Legendary rock superstar David Bowie died this week at the age of 69, after an 18-month long battle with cancer. Bowie’s health problems had been such a well-kept secret, that throughout his declining health, he was recording his final album, Blackstar, which dropped on his 69th birthday. Two days later, he was gone. His passing took the world by such surprise that it literally broke the internet—so many people were streaming David Bowie albums all day long that it was causing critical internet traffic failures in Chicago and Atlanta.
For Bowie to disrupt the internet, of all things, with his passing seems about right. He had spent his entire career doing the unusual and the offbeat, often way ahead of his time. He is called a rock pioneer not for any one thing he did, but for having such a sustained legacy of trying new things and breaking new ground. For him, that was his normal; doing what nobody else was.
Just one of these things was the “Bowie bond,” an early asset-based security launched in 1997. Conceived by investment banker David Pullman, the bond paid Bowie $55 million up front for a 10-year forfeiture of any royalties he would earn on his entire back catalog of songs published up to 1990. By that point, Bowie was already a legend, and had put out nearly 300 songs across 25 albums, with enough staying power to be considered a safe investment, even when giving a 7.9% return.
How safe were the Bowie bonds considered to be? Safe enough that Prudential Insurance—not known for having a huge appetite for exotic investments—bought the entire bond issue. For Bowie, who needed the money for tax and estate planning purposes, the sale was a huge boon, especially since he knew he would continue producing new product for years to come.
When news of the Bowie bonds broke, it generated interest in other celebrity bonds based on back catalogs of IP, mainly music. None hit the level of the original Bowie bond, especially since not long after the bonds issued, their value fell to junk status. The rise of the World Wide Web and digital music (especially the piracy of it) turned the music industry upside down, and the flow of royalties diminished.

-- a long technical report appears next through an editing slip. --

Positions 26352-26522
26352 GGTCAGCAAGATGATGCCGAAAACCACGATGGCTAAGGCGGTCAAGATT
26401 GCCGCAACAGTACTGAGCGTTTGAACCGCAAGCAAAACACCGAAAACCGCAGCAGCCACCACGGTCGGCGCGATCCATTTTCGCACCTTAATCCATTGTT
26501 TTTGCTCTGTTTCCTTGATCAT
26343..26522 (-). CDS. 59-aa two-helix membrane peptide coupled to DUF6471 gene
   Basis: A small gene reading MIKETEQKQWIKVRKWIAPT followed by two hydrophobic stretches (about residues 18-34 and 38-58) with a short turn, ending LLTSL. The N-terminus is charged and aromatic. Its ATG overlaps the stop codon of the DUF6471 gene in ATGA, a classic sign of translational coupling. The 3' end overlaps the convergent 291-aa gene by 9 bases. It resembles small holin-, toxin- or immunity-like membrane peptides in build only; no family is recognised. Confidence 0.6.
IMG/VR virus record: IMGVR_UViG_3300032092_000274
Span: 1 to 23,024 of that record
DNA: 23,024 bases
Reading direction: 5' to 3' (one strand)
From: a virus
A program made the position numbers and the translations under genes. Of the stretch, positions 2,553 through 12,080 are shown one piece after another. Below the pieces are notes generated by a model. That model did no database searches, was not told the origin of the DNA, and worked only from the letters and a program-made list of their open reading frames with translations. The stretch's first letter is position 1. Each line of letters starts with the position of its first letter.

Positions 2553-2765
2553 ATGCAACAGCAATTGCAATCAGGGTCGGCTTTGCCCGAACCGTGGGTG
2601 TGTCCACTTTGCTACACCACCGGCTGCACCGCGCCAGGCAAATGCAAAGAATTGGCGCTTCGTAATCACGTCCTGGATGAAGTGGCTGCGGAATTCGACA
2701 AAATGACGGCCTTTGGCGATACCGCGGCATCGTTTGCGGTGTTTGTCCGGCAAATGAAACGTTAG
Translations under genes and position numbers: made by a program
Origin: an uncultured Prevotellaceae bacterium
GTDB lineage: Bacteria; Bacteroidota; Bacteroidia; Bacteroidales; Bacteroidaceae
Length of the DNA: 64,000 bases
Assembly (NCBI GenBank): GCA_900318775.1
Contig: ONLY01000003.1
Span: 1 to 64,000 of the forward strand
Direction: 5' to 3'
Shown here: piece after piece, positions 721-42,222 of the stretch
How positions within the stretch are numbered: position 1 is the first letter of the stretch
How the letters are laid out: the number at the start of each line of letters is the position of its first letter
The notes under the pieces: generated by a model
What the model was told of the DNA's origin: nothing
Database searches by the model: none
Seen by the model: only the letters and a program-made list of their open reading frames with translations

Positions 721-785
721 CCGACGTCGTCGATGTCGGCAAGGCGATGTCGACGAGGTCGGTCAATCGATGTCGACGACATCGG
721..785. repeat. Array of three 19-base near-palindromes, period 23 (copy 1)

Ultimately, the Bowie bonds paid out 10 years later, by which time Apple was celebrating the sale of its 100 millionth iPod. The timing of it all makes one wonder if maybe Bowie sold those future royalties because he knew something that few others did. After all, being ahead of the curve was what Bowie did on any number of artistic fronts; maybe he was ahead on a business front this time, too. Maybe he saw something coming that would jeopardize his living. The MP3 format was released in 1995, a good two years before his bond issue, and even though Napster—the infamous file-sharing service that would become synonymous with music piracy—would not launch until 1999, the writing was on the wall for anyone who cared to see it: the traditional model of music publishing and distribution was about to be destroyed, perhaps by illegal means, perhaps by legal means, perhaps by both. But whatever was coming, it was certainly going to be an asteroid-versus-the-dinosaurs kind of moment. By issuing bonds on his future royalties, Bowie got ahead of that in a big way.
People are still posting Bowie tributes of one kind of another online at a breakneck pace, and even by the incredibly short half-life standard of modern internet trends, the Bowie vigil will probably continue for a while. As my fellow editor (and bona fide David Bowie fan) Joe Mont pointed out, a lot of folks mourning Bowie’s passage were never huge fans of his to begin with. They just recognize that a titanic artist has come and gone, and feel the urge to mark this moment in time by noting however Bowie impacted them. That was the thing with Bowie; not everybody knew all of his material, but just about everybody had enjoyed at least one of the songs he published or one of the movies in which he appeared. My favorite is his legendary duet with Freddie Mercury on “Under Pressure.” But a close second? The Bowie bond. That’s my kind of greatest hit.